And it worked!! But we didn’t like this as a long term solution. The doctor suggested he take calcium supplements as a PPI can inhibit your absorption of calcium. We figured this CAN’T be good in the long run. So we tried to ween him after a few months.

But the cough came back.

So we tried to take out the highly acidic foods from his diet.

And the cough came back.

And then we tried a glycemic index diet that was described in a book titled Heartburn: Fast Tract Digestion by Norman Robillard.

And the cough came back.

Back to the point where my husband is on the pills again twice a day. It progressed to the point where it is embarrassing to be with him coughing all the time. People look at him as though he’s contagious in public places.

So I looked into the most drastic thing we could do diet-wise where we could potentially find the culprit foods. An elimination diet fits the bill.

Soooooo what the heck IS an elimination diet??  It’s just that – you eliminate ANY potential allergen or irritation causing food for a few weeks and slowly work in other foods to see what’s causing the symptoms.  Foods such as: gluten, soy, corn, dairy, eggs, beef, alcohol, caffeine, citrus, legumes/beans/peanuts, nightshade vegetables, and anything processed. It sounds pretty simple in concept, but in reality?

courtesy of: https://wholelifenutrition.net/articles/elimination-diet/free-elimination-diet-resources

What the heck do you eat???

In a lot of ways, this is probably the simplest diet you could ask for. Chicken, rice, and veggies are going to be staples for the next few weeks. But eating the same thing every day in this household is NOT an option.

So I’m going to have to get creative with recipes and finding ways to keep the husband’s belly happy throughout this journey – there has already been one breakdown (OK I admit it was me having a fit when I realized that I couldn’t have eggs for breakfast and there are VERY limited options in the cereal aisle!)  I’m sure there will be plenty more to come.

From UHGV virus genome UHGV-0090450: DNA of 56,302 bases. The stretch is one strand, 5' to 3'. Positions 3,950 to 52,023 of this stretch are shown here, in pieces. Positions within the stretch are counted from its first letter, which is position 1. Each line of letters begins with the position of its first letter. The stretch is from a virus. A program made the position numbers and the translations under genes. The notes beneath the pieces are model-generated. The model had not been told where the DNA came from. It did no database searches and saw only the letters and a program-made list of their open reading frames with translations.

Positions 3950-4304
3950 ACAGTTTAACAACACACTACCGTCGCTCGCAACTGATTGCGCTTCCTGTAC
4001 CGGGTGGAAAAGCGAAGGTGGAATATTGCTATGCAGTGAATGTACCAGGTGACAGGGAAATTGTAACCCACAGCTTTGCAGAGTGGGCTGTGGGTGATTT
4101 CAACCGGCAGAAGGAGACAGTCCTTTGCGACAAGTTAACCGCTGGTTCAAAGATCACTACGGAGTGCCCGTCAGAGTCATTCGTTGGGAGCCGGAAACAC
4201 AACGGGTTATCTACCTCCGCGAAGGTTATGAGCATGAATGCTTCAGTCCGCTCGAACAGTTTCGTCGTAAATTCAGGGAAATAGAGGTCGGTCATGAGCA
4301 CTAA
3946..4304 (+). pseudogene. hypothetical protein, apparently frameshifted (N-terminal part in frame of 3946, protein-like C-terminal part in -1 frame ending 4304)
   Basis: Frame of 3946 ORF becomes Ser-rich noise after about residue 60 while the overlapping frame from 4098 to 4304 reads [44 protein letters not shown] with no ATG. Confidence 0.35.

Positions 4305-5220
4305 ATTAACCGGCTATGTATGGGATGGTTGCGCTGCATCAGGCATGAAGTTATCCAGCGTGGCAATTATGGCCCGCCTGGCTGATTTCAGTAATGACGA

I know this won’t be easy. But I’m hoping it’ll be worth it in the end. If this is what it takes to find out the culprit of my husband’s reflux, then I’m there 100%. I want him to be happy and healthy, and I’ll do anything I can to get him there.

Keep following for recipes and grocery lists – coming soon!

My Top 2 Realistic Holistic Travel Tips

I travel a lot. I mean A LOTTTTTTTTTTTTTT.

I’m on the road every week for work. Yes, EVERY WEEK!! I spend more time away from home than actually enjoying the presence of my husband and fuzzies.

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Hitting the road last fall with a nice view

When I took this traveling position, I knew that I’d have to really make an effort to keep a healthy lifestyle and keep the stress down. It’s hard enough making the right choices when you’re at home surrounded by healthy food and a healthy routine. But add in the hustle and bustle stresses of airport life, “grab and go” travel-type foods and living in hotel rooms and being healthy is hard. Like, getting out of bed at 4 AM on a weekend hard.

So I always try to make living a healthy life foolproof when traveling. I don’t always succeed, but I always continue to try. I’ve discovered these 2 things that are ABSOLUTELY VITAL to helping me stay on track while hitting the road.

1 – Traveling well is all about preparing.